By Jacob Collins |Asst. Online Editor|
The anti-vaccine movement is one that will only serve as a threat to public health and well-being.
The movement stems from a study conducted by Andrew Wakefield in 1998 which attempted to link the Mumps, Measles and Rubella (MMR) vaccine to autism.
The study has been retracted from medical literature and, according to Business Insider, the study was conducted with only 12 subjects, all of which were not randomly selected but assembled.
Several large-scale studies have attempted to recreate Wakefield’s results, one of which was a Danish study involving almost half a million children, but there has still been no link between vaccines and autism that can be proven by science.
Despite the evidence against any link to autism, today the anti-vaccine movement is spearheaded by figures mostly in Hollywood such as Jenny McCarthy, a former playboy playmate and MTV star, who has been known for her long-time stance against vaccinations.
In a Time magazine article McCarthy said, “If you ask a parent of an autistic child if they want the measles or the autism, we will stand in line for the [expletive] measles.”
Not only is such a statement absurd but it shows just how dangerous the anti-vaccination movement is.
Measles is a potentially life threatening disease that has major complications such as pneumonia and swelling of the brain which could lead to even more severe complications including hearing or vision defects, memory loss, paralysis or speech impairments, according to the Centers for Disease Control and Prevention (CDC).
These severe complications can occur in as many as one in 10 people infected with the virus, according to the CDC.
Furthermore the CDC states that about 90 percent of those that are not immune to the measles who come in contact with the infection will become infected with the disease.
The parents that support the anti-vaccine movement are not only putting their children in danger but other children as well which is not only reckless, but stupid.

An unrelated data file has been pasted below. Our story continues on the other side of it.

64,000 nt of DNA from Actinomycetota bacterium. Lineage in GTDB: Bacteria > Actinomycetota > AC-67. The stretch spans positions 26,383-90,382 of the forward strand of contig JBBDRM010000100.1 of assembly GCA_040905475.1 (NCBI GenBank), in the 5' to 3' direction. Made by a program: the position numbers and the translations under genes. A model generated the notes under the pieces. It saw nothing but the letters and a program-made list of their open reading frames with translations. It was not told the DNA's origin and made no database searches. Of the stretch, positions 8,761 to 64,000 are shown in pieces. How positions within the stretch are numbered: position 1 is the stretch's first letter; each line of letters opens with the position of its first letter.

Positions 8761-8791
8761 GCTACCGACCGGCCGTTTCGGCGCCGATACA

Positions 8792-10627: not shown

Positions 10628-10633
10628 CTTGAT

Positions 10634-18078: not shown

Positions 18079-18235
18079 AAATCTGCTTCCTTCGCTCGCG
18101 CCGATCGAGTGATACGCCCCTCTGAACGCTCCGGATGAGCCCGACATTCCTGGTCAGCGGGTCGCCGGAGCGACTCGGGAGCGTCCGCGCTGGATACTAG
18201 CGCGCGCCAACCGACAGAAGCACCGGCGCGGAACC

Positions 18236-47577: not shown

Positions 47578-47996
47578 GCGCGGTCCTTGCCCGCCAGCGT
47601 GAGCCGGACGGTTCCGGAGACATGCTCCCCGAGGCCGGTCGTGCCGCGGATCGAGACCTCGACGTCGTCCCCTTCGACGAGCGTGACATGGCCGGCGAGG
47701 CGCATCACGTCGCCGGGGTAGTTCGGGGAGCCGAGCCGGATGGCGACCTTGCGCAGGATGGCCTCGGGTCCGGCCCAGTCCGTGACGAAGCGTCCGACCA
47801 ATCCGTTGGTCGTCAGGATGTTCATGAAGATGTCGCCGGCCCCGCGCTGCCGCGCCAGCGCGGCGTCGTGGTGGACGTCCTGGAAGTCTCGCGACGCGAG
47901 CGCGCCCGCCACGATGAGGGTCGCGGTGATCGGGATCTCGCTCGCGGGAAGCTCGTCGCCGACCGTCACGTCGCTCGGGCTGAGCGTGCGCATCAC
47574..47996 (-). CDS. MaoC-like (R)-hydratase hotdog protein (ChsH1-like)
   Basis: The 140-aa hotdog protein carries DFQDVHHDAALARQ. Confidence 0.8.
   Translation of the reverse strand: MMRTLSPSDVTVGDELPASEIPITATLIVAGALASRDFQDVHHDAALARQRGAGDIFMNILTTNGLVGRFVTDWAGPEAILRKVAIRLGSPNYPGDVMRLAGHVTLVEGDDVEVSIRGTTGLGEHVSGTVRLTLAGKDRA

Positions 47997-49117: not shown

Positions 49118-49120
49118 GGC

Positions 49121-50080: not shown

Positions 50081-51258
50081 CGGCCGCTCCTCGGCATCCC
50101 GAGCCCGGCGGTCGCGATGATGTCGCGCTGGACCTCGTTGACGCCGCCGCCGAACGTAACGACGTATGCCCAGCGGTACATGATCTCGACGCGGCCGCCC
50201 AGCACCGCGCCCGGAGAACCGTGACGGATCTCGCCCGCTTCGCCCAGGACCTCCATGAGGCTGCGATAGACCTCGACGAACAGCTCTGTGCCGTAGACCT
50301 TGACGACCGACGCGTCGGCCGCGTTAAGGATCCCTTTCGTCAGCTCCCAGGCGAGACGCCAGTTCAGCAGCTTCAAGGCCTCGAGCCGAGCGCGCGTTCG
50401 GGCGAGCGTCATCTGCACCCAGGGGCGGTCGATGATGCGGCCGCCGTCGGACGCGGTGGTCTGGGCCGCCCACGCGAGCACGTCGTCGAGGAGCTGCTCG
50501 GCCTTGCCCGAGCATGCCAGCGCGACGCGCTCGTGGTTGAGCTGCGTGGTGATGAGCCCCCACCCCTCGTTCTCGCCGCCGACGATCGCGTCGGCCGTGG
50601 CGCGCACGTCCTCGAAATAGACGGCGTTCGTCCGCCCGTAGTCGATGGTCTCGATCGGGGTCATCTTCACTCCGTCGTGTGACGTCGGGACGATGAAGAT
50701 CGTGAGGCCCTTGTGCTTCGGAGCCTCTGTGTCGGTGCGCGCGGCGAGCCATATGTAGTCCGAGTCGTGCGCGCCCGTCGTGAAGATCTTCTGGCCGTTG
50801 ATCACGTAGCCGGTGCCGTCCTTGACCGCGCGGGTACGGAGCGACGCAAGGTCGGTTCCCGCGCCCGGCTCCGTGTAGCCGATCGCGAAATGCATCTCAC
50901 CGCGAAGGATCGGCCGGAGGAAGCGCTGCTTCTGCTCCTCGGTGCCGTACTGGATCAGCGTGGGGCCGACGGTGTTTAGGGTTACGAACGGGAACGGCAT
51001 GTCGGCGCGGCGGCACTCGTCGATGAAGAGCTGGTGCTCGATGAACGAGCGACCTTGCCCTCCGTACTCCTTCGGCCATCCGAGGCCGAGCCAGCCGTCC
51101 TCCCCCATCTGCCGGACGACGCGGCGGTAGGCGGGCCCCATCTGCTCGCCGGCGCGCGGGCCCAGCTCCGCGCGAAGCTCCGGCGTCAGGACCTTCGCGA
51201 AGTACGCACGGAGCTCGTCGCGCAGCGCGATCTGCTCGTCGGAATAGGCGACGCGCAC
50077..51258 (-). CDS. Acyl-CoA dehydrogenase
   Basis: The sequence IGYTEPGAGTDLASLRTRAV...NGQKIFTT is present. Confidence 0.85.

The bottom line is that no matter what you want to think or believe about vaccines, the fact is there is no scientific evidence that they can cause or have caused autism.
According to the American Academy of Pediatrics, vaccines are 90-99 percent effective in preventing disease.
There are some rare adverse effects from vaccination such as allergic reactions but the occurrence is around one in a million, according to the CDC.
Other vaccines do have some risks although the occurrences are rare and the benefits of the vaccine outweigh the risk of a remote complication from happening.
Recently, California senators Dianne Fienstien and Barbara Boxer have pushed for the state of California to stop allowing parents to opt their children out of vaccinations using the personal belief or philosophical exemption.
“While a small number of children cannot be vaccinated due to an underlying medical condition, we believe there should be no such thing as a philosophical or personal belief exemption, since everyone uses public spaces,” stated Fienstien and Boxer in a letter to Diana Dooley, Secretary of California Health and Human Services.
I think that this is a big step in the right direction.
Freedom of religion is an important freedom in this country, however when your religious beliefs create a threat to the public health, there is a problem.
The anti-vaccine movement is misguided, misinformed and puts those who do vaccinate in harms way.